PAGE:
7. The U.S. Patent System is a global embarrassment.

    1. 2.1

      The gauntlet is unfathomable. The inventor has to win in examination, win in reexamination, win 1st IPR, win 2nd IPR, win 3rd IPR, win IPR appeal, win on MSJ, win at trial, win on JMOL, win on appeal, win on remand. If he loses once it’s over. The cost to win all the way – 10 years and $30M.

    2. 2.2

      Forget about inventing. Just file or buy 100 patents with 2000 claims, doesn’t matter if there is an invention or not. Sue a bunch of companies. Venue doesn’t matter. Get past Rule 12(b)6 and make ’em pay you some money.

      I understand now that is how the U.S. patent system works. Nice.

      As a certain former Chairman of the IP Subcommittee told me – “F&$# Inventors”

      1. 2.2.1

        Forget about inventing. Just file or buy 100 patents with 2000 claims, doesn’t matter if there is an invention or not. Sue a bunch of companies. Venue doesn’t matter.

        Welcome to Plano, Texas! Land of opportunity.

    3. 2.3

      4. Claims that are ambiguous should be construed to uphold validity under the current rules (citing Phillips).

      There’s nothing ambiguous about “modular.” Modular means “in parts”. That’s it. It doesn’t mean “in parts unless the parts are branches of a modular tree in which case the branches are pre-attached.”

      The patent owner is saddled with another $500K if they want to keep their patent through a remand.

      Or they can just donate their junk patent to the public and compete like most every other business on the planet.

      the inventor denies and disclaims that excess scope.

      LOL That’s not how it works. If you want to avoid “excess scope” then write a narrower claim, or hire a competent attorney to help you write one.

      The U.S. Patent System is a global embarrassment.

      That may be the case but it’s not for the reasons that you think.

      The gauntlet is unfathomable.

      Says the guy with 8 kids. Funny stuff. Find something to do with your life.

      1. 2.3.1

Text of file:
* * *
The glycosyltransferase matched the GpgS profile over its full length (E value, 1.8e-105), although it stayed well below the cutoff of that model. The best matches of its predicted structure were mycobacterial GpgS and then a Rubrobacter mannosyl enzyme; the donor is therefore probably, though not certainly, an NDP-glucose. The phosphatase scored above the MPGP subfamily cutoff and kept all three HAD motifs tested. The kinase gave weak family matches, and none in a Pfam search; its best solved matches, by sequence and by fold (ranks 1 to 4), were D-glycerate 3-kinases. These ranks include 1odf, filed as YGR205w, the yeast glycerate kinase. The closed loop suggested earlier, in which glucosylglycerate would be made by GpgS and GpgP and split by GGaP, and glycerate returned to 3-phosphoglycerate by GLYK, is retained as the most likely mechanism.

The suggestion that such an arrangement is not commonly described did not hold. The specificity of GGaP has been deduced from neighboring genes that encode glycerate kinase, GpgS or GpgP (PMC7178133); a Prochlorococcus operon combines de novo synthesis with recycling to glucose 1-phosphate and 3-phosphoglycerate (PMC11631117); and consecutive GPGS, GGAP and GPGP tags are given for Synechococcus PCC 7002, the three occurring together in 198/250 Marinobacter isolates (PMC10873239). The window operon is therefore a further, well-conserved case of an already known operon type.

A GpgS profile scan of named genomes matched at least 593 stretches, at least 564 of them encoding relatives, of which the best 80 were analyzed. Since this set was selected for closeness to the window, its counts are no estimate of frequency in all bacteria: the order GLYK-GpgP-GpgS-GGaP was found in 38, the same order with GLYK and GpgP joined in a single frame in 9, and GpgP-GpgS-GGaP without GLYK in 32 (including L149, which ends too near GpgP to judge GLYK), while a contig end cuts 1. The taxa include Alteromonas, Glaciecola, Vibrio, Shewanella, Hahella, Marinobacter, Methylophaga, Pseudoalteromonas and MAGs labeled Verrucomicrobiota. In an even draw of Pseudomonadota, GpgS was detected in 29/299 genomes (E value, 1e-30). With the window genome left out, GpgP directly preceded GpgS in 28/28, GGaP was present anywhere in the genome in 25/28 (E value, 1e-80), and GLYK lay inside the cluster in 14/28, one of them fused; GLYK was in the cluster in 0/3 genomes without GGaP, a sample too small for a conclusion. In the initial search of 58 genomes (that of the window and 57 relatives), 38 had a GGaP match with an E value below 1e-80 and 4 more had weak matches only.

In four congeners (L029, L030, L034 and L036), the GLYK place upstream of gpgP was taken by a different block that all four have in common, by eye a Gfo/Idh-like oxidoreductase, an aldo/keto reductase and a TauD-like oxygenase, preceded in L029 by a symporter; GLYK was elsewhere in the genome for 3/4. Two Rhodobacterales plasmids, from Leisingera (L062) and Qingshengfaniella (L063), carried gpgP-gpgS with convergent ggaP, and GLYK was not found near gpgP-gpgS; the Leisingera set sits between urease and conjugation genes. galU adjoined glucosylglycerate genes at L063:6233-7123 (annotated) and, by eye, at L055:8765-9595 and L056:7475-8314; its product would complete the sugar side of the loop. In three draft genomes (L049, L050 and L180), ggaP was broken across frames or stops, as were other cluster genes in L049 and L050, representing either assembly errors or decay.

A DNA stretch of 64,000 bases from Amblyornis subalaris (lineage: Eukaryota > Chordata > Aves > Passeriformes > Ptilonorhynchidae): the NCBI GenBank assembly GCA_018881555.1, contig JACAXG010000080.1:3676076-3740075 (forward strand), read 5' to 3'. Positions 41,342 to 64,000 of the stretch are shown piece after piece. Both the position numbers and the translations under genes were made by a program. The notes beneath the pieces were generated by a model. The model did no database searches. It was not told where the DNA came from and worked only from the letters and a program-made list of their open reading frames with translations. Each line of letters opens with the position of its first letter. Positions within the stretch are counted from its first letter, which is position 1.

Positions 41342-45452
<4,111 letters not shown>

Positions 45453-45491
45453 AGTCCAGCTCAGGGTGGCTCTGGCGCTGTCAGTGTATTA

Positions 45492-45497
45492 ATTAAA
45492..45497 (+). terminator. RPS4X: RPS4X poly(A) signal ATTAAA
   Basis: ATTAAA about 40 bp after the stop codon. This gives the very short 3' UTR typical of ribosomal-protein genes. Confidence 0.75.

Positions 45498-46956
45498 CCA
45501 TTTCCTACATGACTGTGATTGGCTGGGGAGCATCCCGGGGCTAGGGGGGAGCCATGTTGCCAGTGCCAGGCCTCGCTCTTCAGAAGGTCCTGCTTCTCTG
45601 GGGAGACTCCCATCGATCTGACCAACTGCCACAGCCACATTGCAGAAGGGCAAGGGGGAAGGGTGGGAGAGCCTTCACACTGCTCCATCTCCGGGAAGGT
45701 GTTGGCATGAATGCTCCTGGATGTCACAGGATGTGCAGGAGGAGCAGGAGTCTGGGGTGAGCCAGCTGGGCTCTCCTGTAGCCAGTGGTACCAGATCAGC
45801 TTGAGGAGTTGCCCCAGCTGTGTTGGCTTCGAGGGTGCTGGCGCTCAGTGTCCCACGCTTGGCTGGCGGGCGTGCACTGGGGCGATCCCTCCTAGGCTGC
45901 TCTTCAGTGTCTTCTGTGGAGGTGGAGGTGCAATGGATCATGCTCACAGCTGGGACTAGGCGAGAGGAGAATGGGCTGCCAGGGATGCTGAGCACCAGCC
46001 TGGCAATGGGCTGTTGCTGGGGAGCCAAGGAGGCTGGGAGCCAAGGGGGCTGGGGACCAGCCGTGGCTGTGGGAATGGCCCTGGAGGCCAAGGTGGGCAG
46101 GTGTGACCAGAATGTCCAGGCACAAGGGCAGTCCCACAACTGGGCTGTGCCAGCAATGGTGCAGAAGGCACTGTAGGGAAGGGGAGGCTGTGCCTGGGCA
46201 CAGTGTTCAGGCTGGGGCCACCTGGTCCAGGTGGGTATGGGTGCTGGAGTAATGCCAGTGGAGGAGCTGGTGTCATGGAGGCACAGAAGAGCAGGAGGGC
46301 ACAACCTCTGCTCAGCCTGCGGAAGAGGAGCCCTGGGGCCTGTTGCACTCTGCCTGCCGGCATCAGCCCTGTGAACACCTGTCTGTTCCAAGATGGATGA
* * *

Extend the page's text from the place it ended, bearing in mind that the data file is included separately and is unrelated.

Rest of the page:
Trash talk and trash thinking from—who else–MM.

        1. 2.3.1.1

          The “trash talk” in this case was paid for by the patentee who correctly foresaw that its claims were going to be invalidated unless it hired an “expert” (in what?? modular Christmas trees?) to create an issue where none otherwise existed.

  2. 1

    The cited prior art references all had branches that separately attached to the trunk — and thus did not provide a prior art teaching of the pre-attached branches.

    Pre-attached branches! What will they think of next?

    Maybe someone will figure out a way to make a model Godzilla with the claws pre-attached to the hands. Except now there will be no motivation to do that because the patent protection has likely been taken away by the communist patent-hating Federal Circuit. Years from now the Godzilla model arts in the US will have totally ceased to progress while the Godzilla model arts in countries with robust patent systems will be light years ahead. People will wonder how that happened. Well, THIS IS WHY.

    1. 1.1

      They weren’t arguing they were the first to come up with a “modular” artificial tree — just that “modular” artificial trees are different from artificial trees where you have to attach each branch. So a reference relating to a tree where each branch is attached separately is not a teaching of a “modular” tree.

      Having owned both kinds of artificial trees, I would agree.